Nell Matzen - 3 Dec, 2020

How will the Federal Budget impact the Australian property market?

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In October the Federal Government released what many have described as its most significant Budget, with incentives targeted at Australia’s economic recovery from the COVID19 crisis. When announcing the Budget, Treasurer Josh Frydenberg summed up the hardships faced in 2020, saying, “Australian’s through no fault of their own, are doing it tough”.

Mr Frydenberg emphasised the importance of employment on the Australian economy when he said: “there is no Budget recovery without jobs recovery. This Budget is all about jobs”. The various incentives and measures followed suit with a strong emphasis on job growth, business support, investment encouragement and tax cuts. 

The Budget only included a handful of new measures that would directly influence the property market, due to existing economic strategies like HomeBuilder and the First Home Buyer’s Grant. However, there were several plans whose roll-on effects will have indirect impacts on the property market.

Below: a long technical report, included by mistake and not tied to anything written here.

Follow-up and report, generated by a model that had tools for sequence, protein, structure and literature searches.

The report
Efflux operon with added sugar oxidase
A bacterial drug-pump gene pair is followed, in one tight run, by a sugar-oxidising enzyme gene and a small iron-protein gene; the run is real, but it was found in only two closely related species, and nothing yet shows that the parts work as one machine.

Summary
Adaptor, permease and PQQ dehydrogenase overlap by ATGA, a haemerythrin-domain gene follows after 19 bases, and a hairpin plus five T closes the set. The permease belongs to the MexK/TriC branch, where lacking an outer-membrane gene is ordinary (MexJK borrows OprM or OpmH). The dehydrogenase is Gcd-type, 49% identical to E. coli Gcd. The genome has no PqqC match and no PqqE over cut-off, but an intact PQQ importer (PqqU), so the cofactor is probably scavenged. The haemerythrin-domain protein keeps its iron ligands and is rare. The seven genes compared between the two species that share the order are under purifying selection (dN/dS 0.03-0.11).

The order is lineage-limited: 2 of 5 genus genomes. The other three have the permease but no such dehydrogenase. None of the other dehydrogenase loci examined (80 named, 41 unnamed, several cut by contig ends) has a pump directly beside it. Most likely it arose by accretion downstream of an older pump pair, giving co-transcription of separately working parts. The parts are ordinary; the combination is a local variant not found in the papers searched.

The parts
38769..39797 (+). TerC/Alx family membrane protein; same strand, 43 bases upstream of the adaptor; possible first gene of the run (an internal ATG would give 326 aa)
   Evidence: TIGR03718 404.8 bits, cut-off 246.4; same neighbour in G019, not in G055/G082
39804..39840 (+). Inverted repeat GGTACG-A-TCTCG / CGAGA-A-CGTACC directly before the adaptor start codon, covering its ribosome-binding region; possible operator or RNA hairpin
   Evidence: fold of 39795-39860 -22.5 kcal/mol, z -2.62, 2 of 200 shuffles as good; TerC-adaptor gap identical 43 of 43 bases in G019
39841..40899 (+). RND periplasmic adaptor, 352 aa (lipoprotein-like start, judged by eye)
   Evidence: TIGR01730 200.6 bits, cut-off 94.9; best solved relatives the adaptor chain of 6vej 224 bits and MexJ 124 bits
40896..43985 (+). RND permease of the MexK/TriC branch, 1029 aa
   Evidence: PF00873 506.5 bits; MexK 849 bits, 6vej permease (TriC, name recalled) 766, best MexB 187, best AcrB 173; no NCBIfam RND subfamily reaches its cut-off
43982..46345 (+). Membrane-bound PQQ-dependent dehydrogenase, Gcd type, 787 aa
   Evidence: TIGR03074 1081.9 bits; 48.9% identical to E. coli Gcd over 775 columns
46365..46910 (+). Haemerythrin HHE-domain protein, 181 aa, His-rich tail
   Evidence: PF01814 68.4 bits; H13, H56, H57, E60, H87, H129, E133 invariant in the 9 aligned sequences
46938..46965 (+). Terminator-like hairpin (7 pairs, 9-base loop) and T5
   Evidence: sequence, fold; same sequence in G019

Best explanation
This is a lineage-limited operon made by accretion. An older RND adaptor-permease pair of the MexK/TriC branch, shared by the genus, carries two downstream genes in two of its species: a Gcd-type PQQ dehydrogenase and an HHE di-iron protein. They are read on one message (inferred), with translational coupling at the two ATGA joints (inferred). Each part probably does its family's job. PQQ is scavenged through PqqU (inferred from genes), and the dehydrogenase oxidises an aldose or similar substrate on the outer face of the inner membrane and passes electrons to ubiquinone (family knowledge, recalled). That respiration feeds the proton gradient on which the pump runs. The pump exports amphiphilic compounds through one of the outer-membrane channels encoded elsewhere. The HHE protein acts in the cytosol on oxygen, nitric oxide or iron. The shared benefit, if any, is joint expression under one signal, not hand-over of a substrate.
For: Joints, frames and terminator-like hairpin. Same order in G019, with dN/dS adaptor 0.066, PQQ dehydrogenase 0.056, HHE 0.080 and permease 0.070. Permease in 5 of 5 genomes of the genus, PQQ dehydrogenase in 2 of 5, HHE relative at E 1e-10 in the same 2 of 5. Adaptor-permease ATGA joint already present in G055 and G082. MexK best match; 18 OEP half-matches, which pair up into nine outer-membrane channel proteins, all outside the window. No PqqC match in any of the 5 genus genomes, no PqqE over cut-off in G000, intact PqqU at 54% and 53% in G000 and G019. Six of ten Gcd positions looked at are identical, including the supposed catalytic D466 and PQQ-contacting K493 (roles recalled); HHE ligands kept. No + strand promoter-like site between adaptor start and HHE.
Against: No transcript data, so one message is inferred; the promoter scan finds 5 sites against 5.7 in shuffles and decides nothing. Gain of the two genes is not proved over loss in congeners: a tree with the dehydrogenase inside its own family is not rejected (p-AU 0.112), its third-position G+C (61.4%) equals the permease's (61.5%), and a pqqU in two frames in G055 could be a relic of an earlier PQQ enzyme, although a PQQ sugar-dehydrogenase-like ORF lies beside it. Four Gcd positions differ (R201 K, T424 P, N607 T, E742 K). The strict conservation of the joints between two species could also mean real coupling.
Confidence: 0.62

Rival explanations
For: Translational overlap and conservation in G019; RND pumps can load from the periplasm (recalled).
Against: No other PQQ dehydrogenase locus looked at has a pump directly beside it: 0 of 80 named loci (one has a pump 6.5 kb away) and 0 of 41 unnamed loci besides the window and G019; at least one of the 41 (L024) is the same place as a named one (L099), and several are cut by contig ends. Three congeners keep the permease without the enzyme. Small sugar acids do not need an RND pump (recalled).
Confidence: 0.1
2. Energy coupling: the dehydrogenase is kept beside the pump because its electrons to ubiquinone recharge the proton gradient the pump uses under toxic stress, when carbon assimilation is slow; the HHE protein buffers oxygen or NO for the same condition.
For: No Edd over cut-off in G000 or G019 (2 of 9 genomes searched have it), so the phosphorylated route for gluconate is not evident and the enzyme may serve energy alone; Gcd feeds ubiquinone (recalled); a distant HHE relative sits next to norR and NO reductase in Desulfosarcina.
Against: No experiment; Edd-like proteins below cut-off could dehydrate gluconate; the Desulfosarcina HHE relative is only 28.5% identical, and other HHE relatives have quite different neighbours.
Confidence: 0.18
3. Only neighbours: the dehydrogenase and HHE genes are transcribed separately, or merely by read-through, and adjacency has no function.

Direct impacts

First homebuyers’ incentives

The government recognised the massive impact COVID19 has had on young people, giving them a much-needed boost in the 2020/2021 Budget. Ten thousand places were added to the First Home Loan Deposit Scheme, and the cap on eligible house prices was increased by almost $250,000. Other aspects of the scheme went unchanged, meaning eligible first homebuyers only need a 5% deposit, with the government guaranteeing the remaining 15%. This measure will boost demand within the property market, whilst helping to get young people into their first homes. The construction industry will also get a boost through this initiative, as the extra 10,000 places are reserved for new builds only.